Foreign Institutional Ownership and Stock Market Liquidity: Evidence from Indonesia
34 Pages Posted: 20 Mar 2008 Last revised: 15 Jan 2010
Date Written: January 1, 2008
From January 2002 to August 2007, foreign institutions held almost 70% of the free-float value of the Indonesian equity market, or 41% of the total market capitalization. Over the same period, liquidity on the Jakarta Stock Exchange improved substantially with spread more than halved and depth more than doubled. Was the high foreign institutional ownership a major contributing factor to the improvement? In this study we examine the Granger causality between foreign institutional ownership and liquidity. The direct and indirect effects of foreign institutions on liquidity measures are estimated using monthly Fama-McBeth regressions. We find that foreign preference for liquidity, though statistically significant, is economically small. However, their holdings have a negative impact on future liquidity: a 10% increase in foreign institutional ownership in the current month is associated with approximately 2% increase in the bid-ask spread, 3% decrease in depth, and 4% rise in price sensitivity in the next month. The liquidity effects of domestic institutions are mixed but more positive. The findings are consistent with the negative liquidity impact of institutional investors in developed markets, and challenge the view that foreign institutions enhance the liquidity in small emerging markets.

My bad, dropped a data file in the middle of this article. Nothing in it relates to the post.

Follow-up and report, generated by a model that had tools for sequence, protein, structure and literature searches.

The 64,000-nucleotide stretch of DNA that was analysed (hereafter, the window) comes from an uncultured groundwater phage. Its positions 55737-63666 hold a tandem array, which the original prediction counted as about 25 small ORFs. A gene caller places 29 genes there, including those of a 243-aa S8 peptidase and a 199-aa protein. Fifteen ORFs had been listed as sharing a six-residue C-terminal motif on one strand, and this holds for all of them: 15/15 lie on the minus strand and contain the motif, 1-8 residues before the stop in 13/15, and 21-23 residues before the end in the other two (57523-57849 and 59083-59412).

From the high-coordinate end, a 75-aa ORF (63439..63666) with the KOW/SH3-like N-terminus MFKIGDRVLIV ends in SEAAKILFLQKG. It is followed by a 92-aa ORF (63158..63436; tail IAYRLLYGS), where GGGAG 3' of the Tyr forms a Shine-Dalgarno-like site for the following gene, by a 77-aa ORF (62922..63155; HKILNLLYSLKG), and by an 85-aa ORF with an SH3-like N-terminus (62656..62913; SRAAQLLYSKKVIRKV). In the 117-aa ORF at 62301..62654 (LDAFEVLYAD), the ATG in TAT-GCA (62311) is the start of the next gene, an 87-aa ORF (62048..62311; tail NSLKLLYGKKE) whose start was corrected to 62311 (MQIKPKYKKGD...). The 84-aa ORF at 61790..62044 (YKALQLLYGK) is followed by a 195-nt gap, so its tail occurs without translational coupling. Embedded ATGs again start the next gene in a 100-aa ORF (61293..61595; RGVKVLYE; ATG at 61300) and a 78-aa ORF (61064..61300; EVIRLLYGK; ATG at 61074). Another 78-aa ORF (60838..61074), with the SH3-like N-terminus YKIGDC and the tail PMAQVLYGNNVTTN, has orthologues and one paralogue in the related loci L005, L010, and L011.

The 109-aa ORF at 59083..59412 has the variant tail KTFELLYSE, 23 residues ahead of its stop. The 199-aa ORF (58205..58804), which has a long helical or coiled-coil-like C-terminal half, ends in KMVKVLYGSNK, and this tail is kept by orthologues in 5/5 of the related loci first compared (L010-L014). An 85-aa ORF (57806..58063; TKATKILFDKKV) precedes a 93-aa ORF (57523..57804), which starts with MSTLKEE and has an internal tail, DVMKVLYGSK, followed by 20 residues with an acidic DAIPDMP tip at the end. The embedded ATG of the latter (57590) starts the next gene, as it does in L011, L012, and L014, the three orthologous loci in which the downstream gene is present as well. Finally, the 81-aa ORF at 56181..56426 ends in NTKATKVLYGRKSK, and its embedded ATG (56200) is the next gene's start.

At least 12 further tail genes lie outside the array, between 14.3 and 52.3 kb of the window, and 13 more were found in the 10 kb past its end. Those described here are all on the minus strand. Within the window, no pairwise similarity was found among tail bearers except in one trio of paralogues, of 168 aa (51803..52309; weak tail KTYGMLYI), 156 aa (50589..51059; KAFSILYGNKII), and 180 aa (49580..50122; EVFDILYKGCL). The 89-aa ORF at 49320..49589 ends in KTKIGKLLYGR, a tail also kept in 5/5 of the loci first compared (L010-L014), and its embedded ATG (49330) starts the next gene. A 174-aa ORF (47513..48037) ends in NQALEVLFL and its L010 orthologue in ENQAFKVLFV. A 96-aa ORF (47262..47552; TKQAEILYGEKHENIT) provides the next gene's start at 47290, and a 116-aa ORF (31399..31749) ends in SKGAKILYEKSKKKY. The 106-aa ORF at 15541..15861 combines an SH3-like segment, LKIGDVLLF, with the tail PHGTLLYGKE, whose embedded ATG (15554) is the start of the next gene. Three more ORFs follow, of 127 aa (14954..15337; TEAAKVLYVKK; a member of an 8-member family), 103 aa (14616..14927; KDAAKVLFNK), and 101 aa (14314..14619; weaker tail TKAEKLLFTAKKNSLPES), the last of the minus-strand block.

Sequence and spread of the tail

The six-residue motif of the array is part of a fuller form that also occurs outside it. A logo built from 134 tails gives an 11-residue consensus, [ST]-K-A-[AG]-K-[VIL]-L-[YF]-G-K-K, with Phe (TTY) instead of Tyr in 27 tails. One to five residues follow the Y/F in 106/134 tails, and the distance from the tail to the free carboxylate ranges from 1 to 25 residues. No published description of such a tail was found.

Keywords: foreign institutions, foreign ownership, liquidity, bid-ask spread, depth, price impact
JEL Classification: G14, G15, F36
Suggested Citation: Suggested Citation